This kind of righteousness also allowed Joseph to hear from God directly in dreams and better understand the situation, taking Mary and the Messiah in her womb under his wing. A righteous man was the earthly protector of our infant savior.

And of course, the ultimate example of righteousness is the grown Messiah, Jesus. Being God in flesh, his understanding of God’s will was so powerful that he was willing to suffer and die so the power of sin could be broken.

If the law is a call to transformation, then Christ is the fulfillment of the law. Christ makes our transformation and the transformation of all creation possible, and he makes it as simple as us having faith in his work.

We will explore these ideas of righteousness and communion with God’s Spirit in coming weeks. In the meantime, let’s try to do what Paul urged the early Jewish Christians to do. Let go; let God work within.

There are actions to take. Seek God in prayer, seek God in Scripture. But in doing so, seek the changed heart that pleases God. Over time, we may find ourselves looking less like people of the world, but the world will be better for our presence.

The featured image is “King David in Prayer,” Pieter de Grebber, circa 1635.


Hypocrisy and Redemption

2 Samuel 11:1-15

Anyone who calls the Bible boring clearly hasn’t read the story of David and Bathsheba. It has the same lust, murder and intrigue we expect to find in a late-night cable TV movie. And of course, there is hypocrisy, deep, deep hypocrisy from a man who was clearly favored by God.

There are many nuances to this story, some difficult to notice if you are not familiar with the traditions of the day and the subtleties of language being used to tell it. Let me point out a few that are important to the story as we have heard it thus far:

  • King David was not where he was supposed to be, doing what he was supposed to do. We’ll come back to that later.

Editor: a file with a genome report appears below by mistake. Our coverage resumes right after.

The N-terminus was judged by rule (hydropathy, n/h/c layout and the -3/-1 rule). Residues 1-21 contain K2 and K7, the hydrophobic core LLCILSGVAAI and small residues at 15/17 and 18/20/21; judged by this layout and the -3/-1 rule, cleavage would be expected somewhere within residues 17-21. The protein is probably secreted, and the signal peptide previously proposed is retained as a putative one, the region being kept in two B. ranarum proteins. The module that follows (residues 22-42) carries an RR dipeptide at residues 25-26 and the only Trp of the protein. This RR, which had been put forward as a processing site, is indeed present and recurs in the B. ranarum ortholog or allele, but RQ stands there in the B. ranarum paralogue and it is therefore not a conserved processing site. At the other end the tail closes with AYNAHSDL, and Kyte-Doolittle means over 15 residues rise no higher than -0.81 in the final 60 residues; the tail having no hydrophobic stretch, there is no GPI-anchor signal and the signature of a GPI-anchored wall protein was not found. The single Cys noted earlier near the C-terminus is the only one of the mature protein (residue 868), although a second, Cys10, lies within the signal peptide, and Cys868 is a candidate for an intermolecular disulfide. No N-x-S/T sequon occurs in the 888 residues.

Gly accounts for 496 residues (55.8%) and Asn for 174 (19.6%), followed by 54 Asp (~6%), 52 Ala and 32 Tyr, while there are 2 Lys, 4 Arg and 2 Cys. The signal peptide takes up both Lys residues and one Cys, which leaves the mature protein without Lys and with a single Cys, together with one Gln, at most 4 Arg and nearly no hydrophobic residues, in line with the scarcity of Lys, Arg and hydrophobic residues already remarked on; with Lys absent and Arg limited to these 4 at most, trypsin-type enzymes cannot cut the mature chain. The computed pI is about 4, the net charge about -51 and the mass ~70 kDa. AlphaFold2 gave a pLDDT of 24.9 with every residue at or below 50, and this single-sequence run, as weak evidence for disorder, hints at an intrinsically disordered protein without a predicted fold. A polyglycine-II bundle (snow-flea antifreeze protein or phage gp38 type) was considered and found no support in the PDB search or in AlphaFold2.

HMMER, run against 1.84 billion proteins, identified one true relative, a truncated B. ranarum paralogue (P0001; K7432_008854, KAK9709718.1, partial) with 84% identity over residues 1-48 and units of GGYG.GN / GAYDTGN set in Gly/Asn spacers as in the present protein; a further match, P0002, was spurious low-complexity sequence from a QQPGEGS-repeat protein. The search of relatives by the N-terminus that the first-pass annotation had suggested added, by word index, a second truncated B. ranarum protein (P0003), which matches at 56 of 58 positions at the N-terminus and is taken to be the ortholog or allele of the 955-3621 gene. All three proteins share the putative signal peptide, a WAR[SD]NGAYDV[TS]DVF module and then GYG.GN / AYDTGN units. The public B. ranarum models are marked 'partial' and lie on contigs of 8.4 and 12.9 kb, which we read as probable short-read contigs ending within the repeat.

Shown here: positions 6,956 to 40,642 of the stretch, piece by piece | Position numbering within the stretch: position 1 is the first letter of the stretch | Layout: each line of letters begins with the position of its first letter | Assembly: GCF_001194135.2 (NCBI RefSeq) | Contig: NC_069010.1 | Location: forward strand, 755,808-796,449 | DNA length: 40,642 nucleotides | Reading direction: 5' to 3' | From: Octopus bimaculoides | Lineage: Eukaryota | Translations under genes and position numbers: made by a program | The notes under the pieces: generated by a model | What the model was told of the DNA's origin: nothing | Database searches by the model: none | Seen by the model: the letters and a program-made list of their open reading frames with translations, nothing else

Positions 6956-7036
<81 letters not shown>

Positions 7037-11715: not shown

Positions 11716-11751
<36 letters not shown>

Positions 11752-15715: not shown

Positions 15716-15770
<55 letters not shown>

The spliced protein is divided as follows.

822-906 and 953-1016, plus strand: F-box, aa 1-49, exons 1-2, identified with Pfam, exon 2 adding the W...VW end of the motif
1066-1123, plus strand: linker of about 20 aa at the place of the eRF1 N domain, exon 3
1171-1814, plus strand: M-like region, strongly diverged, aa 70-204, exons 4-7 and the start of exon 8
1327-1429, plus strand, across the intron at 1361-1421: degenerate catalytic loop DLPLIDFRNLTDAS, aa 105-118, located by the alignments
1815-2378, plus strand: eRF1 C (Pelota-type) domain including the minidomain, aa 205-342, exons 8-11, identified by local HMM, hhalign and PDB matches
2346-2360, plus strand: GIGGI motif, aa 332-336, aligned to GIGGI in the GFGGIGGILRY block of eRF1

• Bathsheba certainly was beholden to her king, and some people have described her as being a victim of power rape. That is possible, but as you read further into the Davidic story in 1 Kings, Bathsheba hardly comes across as a passive character. I believe she welcomed the series of events leading to the cuckolding and death of her husband Uriah, events that freed her from a foreign husband and empowered her.
  • The one honorable human early in the story was a foreigner. Uriah the Hittite remained loyal even after he likely has figured out what is going on, knowing the conspiracy between his king and his wife will lead to his death.

As the story continues, we see Uriah was not the only character aware of the king’s hypocrisy. Everyone seemed to know what the king had done: first messengers, soldiers and prophets; later, we can assume, the whole city, thanks to gossips, a swollen belly, and a little math. Again, the evidence for these facts is subtle, but present in the story.

How could one who was so loved by God and who loved God so much fall into such a sad, embarrassing state? Well, David fell into hypocrisy for a simple reason. He stopped being the person he was made to be.

Let’s go back to the very beginning of the story. In a time when kings went out to battle, David stayed home. David was supposed to be fighting a particular kind of battle, one waged against the enemies of God’s plan for the Promised Land. In what we have to remember is a story set in primitive times, David was fighting for what was holy. But at a time when he was still virile enough to pursue and impregnate women, he also had grown to prefer the luxuries of palace life, sending others out to do the hard work he once did so well himself.